by, Caroline McCarthy & Colleen McNamara, Staff Writers
To symbolize inclusion, Manhattan College planted a peace pole on the quadrangle this past summer in an effort to create a more just society. This pole, planted in late July, displays the phrase “May Peace Prevail on Earth” in eight different languages decided upon by the students and faculty in the peace and justice studies program at the college.
These languages include Arabic, English, French, Gaelic, Mandarin Chinese, Mohawk, Hebrew and Spanish. These languages were chosen to represent the student body, as well as the surrounding community.
According to WorldPeace.org, there are over 250,000 peace poles in every country of the world. The goal of the peace poles is to “symbolize the oneness of humanity and our common wish for a world at peace.”
Kevin Ahern, associate professor of religious studies and former peace studies director at MC, was crucial in planting the college’s new peace pole.
“Unfortunately, a lot of our public art on campus is a bit dated from when the campus was first starting,” Ahern said. “In the recent conversations around diversity and racial justice, there are proposals or critiques that we need to have more public art that reflects more the students that are on campus now, rather than the students that were on campus a hundred years ago, or 50 years ago. Our mission was to reflect both the student body, heritage and our geographical location in New York.”
The peace pole carries a deep meaning and a sense of unity within a community. According to Ahern, the peace pole is a powerful symbol.
“We needed the peace pole on campus as a symbol of our commitment to work for the end of the war and work for a more just society,” Ahern said.
The students and faculty thought it important to have the peace pole planted in 2020 because it marks the 75th anniversary of the Hiroshima and Nagasaki bombings. Additionally, they hope it will be a representation of current political and social problems facing the world today and the college’s promise to fight them.
“I think it’s the perfect time to put up the peace pole,” Ireland Twiggs, a senior peace and justice major, said. “It serves as a positive reminder for people walking to and from class.”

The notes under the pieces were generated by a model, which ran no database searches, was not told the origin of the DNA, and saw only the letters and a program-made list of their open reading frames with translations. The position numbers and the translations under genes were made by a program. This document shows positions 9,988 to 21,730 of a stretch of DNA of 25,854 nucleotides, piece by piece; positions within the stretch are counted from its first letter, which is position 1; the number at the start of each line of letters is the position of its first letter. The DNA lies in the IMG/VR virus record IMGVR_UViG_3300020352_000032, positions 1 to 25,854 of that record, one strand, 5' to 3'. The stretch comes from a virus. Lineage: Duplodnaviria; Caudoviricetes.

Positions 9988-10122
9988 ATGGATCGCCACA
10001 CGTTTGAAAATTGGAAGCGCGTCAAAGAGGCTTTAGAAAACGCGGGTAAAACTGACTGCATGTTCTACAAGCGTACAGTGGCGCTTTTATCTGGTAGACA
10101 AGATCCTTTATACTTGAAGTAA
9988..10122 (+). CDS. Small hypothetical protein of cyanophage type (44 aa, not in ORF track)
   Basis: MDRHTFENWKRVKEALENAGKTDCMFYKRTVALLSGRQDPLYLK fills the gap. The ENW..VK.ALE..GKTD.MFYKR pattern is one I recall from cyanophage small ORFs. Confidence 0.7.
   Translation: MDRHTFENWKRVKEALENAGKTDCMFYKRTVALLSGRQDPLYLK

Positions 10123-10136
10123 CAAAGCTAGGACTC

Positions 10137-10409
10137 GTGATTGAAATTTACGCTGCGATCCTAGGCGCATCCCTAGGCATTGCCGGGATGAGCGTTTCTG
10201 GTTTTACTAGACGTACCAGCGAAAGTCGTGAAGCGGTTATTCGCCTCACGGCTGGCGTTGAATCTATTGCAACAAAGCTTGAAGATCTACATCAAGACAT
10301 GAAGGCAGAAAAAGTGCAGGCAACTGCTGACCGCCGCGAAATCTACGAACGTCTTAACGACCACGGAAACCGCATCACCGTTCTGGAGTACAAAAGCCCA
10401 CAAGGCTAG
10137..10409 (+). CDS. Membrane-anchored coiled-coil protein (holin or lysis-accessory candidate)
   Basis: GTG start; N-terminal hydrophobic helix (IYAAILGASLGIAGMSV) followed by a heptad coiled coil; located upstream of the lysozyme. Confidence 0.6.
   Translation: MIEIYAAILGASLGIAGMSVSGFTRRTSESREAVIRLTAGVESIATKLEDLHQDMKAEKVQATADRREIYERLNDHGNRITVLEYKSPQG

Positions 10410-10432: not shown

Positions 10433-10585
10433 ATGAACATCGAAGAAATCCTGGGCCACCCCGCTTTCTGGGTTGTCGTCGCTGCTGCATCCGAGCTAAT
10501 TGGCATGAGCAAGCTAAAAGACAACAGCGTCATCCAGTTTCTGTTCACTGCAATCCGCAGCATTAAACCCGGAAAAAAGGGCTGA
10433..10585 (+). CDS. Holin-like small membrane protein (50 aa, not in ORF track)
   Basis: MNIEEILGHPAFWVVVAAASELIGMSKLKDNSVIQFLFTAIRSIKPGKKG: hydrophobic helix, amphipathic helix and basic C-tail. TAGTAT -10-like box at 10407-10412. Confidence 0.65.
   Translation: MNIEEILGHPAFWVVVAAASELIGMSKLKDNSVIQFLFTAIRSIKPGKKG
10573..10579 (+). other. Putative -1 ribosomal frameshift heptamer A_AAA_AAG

Before advocating for a peace pole to be planted on campus, Ahern was involved in a number of “peaceful plantings” including the site at Fordham University, his alma mater, and in Rwanda.
“Within the New York City area, we’re one of the few Catholic colleges that did not have a peace pole on our campus,” Ahern said. “Fordham, Mount St. Vincent’s and Iona all have peace poles.”
COVID-19 restrictions prohibited the college from hosting an official unveiling ceremony of the peace pole on Sept. 21st, as planned for the International Day of Peace. But, this didn’t stop Ahern and his son Finn, a future peace and justice advocate, from visiting other peace poles in the area.
“Part of our dealing with COVID has been going and finding peace poles and my five-year-old and I taking pictures with them,” Ahern said.
Ahern and his son have visited over a dozen surrounding peace poles and even designed one of their own with legos. This hobby sparked a new activity for students to engage in.
“One of the things we’re actually looking to do is to try to have a peaceful treasure hunt for students to find peace poles in the New York City area and take pictures with them,” Ahern said.
Students can check one pole off the list just by walking through the quadrangle, where the peace pole is prominently displayed.
The peace pole is only one of the many efforts by the peace and justice studies program to foster a more inclusive environment. Worldly conflicts contribute to an improving curriculum for peace and justice studies.
“It is time to launch a new curriculum that was geared more at giving students peace and justice studies, more skill sets, peacebuilding and conflict resolution and more career paths going forward,” Ahern said.
Students also hope to see the expansion of the program in an effort to create a curriculum that will inspire future generations of peacemakers and enact change.
“I love the peace and justice studies program so much,” Twiggs said. “I hope that they continue to grow [the program]. I think we could use a lot more people working towards peace and reconciliation.”
One of these students working toward peace is Rachel Rocca, the co-president of the Just Peace organization on campus. Rocca, along with other students, are thrilled about having the peace pole placed at the most central part of campus.
“I think it’s super awesome and I’m really happy with how visible it is,” Rocca said. “I think it’s really important, especially in this crazy time we’re living in where everything is really intense and unstable, it’s really nice and powerful to have that message of peace.”